MacDirectory Magazine

Fall-Winter 2011

MacDirectory magazine is the premiere creative lifestyle magazine for Apple enthusiasts featuring interviews, in-depth tech reviews, Apple news, insights, latest Apple patents, apps, market analysis, entertainment and more.

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Page 27 of 115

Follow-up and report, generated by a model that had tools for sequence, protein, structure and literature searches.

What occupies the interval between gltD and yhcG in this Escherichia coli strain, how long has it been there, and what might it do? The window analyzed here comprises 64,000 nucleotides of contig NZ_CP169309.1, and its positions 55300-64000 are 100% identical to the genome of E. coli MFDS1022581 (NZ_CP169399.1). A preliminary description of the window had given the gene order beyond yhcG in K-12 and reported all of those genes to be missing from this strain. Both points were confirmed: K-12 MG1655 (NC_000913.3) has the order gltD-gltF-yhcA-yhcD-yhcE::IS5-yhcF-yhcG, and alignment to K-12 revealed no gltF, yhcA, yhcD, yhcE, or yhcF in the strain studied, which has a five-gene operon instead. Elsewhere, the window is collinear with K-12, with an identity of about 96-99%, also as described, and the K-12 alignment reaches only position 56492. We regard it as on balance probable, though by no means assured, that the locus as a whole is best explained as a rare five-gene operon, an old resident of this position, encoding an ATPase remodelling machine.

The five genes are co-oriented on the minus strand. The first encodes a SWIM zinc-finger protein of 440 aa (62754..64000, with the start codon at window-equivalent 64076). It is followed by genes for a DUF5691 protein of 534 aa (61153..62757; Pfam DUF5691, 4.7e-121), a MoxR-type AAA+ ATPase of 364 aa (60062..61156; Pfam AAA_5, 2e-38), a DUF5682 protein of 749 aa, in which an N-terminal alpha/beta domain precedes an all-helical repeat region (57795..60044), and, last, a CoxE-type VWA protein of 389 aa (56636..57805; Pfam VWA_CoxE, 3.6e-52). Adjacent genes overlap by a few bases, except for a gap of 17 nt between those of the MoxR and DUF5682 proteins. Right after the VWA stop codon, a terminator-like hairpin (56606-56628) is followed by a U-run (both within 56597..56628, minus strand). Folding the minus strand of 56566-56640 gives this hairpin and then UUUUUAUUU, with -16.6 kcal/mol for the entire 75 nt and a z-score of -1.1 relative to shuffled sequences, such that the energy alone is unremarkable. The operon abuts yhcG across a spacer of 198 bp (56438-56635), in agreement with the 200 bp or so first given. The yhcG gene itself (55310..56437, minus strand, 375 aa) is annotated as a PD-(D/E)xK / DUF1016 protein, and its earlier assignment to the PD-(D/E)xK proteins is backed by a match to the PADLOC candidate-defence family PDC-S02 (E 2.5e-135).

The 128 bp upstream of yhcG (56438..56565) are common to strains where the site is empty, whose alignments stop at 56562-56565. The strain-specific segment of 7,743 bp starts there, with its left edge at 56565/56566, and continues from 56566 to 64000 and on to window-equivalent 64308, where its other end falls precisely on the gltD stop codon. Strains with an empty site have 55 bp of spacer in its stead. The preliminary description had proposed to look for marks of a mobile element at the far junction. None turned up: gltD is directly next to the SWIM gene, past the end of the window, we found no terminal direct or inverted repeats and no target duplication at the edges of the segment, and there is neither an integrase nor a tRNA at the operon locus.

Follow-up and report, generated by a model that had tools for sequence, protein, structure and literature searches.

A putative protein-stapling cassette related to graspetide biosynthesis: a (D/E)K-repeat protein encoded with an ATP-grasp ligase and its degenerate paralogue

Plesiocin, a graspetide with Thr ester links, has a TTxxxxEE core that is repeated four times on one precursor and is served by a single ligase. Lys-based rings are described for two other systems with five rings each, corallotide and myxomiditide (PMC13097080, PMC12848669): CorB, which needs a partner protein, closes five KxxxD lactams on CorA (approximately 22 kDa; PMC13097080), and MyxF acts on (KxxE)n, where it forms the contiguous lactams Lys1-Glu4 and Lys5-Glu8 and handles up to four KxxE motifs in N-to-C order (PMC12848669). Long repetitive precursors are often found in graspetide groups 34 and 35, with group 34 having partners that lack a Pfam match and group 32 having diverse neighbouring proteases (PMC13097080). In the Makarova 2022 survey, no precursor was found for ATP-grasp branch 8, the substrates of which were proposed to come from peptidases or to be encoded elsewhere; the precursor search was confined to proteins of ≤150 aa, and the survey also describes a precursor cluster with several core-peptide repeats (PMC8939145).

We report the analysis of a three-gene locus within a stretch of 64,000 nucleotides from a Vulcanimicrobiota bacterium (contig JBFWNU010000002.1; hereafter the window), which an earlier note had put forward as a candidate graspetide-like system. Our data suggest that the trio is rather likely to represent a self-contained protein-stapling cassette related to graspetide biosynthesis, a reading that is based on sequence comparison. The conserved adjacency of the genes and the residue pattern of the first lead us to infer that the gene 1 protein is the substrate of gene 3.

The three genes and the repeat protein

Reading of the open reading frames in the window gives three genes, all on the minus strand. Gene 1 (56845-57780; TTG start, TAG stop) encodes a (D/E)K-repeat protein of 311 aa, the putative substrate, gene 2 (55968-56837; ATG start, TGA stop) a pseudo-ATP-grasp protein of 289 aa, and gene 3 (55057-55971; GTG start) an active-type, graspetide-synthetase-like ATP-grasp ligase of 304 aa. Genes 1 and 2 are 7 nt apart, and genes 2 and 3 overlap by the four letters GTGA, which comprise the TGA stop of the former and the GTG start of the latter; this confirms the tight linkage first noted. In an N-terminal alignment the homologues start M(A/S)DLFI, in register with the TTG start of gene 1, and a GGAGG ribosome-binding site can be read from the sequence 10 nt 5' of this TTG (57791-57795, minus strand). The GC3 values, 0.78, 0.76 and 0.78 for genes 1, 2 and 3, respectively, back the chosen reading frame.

DEPARTMENT BEEBE > MACDIRECTORY'S TECH GODDESS Q>I have been experiencing random corruption and crashes and I am beginning to suspect that this may be caused by the large number of Adobe applications on my system (Master Collection, actually). I restore the drive to factory spec, do the system upgrades and then install Master Collection, but every time I do this I have different and totally odd problems. Is this just me? - Michele A., Lawrence, IN A>I have definitely heard of this elsewhere and I have had the same problem myself. Attempts at resolution tend to turn into finger pointing matches between Apple and Adobe, but I tend to think that Adobe is at fault. Adobe application development teams appear to operate in separate universes and they do not seem to be uniform where they should be. It is my theory that they may not be careful in regards to conflicting resource files that fight with each other during the installation process. The reason behind my theory is that this behavior is far too reminiscent of system extension conflicts during the pre OSX days. The best I can offer is to contact Adobe and try to get them to look into this issue. Q>I'm bringing a mirror G4 back to life. Do you know of any cool OS9 hacks? - Mac T., Salem, OR A>I'd grab copy of ResEdit ( That should get you into plenty of trouble in no time. It is a resource editor that you can use to pull apart all sorts of things and rebuild 'em the way you want. For example, you can create cool art for splash screens (including the OS startup screen), turn cute little bunnies in those classic Japanese arcade games into road kill and so on. You can also use it to extract art and images from classic apps. Make sure you work on copies rather than originals, though, or you may cause permanent brain damage. If you have nothing better to do, you might also search for copies of both volumes of Stupid Mac Tricks. You can impress your buds by filling your screen with a couple dozen NORAD style readout windows, have your Mac unleash a blood curdling scream (timed or completely random), have the eyes of a photo of Ronald Reagan follow your cursor around the screen, and do all sorts of other completely useless stuff. Knock yourself out. If you want to go truly retro, find a copy of the After Dark screensaver app. Guaranteed to evoke a fascinated gak sound from anyone who sees it. While you're at it, don't forget to yank the plastic backing on the case and stuff in some neon. Couldn't hurt…. Q>I'm looking for some good drum software. I've used all the standard DAW stuff but it's all too mechanical for me. Do you have any recommendations? - Brant H., Houston, TX A>You might take a look at Superior Drummer from ToonTracks. There are a huge range of amazing samples recorded in top studios using a huge range of modern and classic drums and with a rainbow of hits for each drum, along with a variety of mic placements all of which is controlled from an onscreen mixer. They also offer an expansive MIDI library of just about any style you can imagine. You can play them live and direct or run them remotely through a DAW (even Garage Band). Q>I'd like a Mac Mini for portability but I am also drawn to the iMac. Which do you recommend? It is not a matter of money. - Joshua H., Houston, TX A>I'd go with a MacBook Pro and a 27" display. Best of both worlds. Money is no object? Let's be friends! I've grown soooo bored with my classic Testarossa…. 26 MacDirectory

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